Heather contains tannins, arbutin, saponins, karotin, and the flavonoids quercitrin and myricitrin. It also contains the alkaloid ericodin.
This herb is an ancient remedy for urinary tract problems. It is thought to be good for inflammation of the urinary passages, prostate problems, such as prostate enlargement, bladder ailments and kidney stones.
In recent years heather has been used successfully, especially in Germany, to treat rheumatic pains.
The reason for this is probably because it contains a substance that removes excess uric acid from the body. Heather works well as both an antiseptic and detoxifier.
A hot poultice made from the flowering tips has been used as a treatment for chilblains, a foot condition.
Heather has also traditional uses as a mild sedative and as a sleep aid, usually in the form of tea. But as the herb can act as a diuretic, it is not wise to overdo the intake of the tea before going to bed.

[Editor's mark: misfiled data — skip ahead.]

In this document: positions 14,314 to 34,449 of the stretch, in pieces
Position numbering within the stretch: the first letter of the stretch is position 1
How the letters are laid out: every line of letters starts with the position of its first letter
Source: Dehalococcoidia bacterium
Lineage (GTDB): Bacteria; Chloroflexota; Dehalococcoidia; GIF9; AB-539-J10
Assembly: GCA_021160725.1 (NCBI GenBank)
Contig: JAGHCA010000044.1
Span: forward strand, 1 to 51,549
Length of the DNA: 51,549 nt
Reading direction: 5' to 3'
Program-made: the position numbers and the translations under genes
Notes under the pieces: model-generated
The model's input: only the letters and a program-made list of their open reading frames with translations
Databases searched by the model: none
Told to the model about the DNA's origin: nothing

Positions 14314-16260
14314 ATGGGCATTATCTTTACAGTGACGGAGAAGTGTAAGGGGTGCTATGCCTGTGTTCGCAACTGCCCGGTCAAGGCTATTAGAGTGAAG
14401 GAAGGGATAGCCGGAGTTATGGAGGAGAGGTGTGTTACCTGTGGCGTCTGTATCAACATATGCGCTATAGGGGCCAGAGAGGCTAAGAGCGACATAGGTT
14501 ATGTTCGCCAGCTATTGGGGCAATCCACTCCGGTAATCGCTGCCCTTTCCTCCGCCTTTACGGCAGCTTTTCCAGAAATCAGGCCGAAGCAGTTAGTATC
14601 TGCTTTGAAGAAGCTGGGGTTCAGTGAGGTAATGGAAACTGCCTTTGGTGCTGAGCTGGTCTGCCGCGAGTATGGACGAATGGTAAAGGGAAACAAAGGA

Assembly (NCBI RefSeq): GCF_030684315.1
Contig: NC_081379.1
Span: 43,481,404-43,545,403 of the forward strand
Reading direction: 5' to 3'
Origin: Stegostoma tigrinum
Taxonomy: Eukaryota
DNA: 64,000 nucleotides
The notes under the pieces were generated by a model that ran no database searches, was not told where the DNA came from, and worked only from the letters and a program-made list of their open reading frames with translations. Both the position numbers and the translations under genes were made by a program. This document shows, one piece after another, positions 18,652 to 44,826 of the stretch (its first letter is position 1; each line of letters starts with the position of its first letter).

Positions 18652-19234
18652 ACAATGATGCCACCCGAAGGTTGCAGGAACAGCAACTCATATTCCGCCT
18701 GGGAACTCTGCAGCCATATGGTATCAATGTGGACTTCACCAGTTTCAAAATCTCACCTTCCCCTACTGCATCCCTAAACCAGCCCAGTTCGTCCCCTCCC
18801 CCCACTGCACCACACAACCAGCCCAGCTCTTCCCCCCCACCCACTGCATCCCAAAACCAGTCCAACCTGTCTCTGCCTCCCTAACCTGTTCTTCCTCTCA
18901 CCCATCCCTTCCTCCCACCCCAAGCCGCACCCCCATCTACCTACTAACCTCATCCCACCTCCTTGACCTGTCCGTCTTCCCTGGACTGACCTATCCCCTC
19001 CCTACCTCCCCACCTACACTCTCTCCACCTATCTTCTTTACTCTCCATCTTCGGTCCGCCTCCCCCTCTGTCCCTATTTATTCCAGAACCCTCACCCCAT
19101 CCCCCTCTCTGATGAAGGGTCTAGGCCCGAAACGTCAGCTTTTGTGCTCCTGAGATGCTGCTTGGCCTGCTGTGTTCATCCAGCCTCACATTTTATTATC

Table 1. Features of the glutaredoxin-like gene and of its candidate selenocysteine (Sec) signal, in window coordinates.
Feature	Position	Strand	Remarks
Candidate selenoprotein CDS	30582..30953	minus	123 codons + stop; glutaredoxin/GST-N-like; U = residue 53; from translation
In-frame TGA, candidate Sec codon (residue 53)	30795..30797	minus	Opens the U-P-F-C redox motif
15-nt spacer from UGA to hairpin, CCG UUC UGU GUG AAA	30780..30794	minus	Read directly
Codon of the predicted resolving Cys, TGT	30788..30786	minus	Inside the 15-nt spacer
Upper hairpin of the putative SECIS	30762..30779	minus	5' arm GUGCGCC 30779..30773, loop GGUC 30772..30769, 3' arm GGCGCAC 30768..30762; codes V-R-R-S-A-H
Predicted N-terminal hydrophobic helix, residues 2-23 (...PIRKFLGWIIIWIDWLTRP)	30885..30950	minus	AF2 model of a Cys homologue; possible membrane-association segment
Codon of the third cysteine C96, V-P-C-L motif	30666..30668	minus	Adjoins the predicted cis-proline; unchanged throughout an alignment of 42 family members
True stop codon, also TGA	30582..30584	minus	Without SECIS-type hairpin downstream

In Telemark, Norway, there are reports that this herb was used as a hemostatic. Seeing bears wallowing in shrubs of heather when they were wounded might have led to this understanding.
In Scotland, the white flower variety of heather is a symbol for good luck and is often used in bridal bouquets in traditional Scottish weddings. In Norway, there is a saying: “Where one can find white heather, there has been a crime.”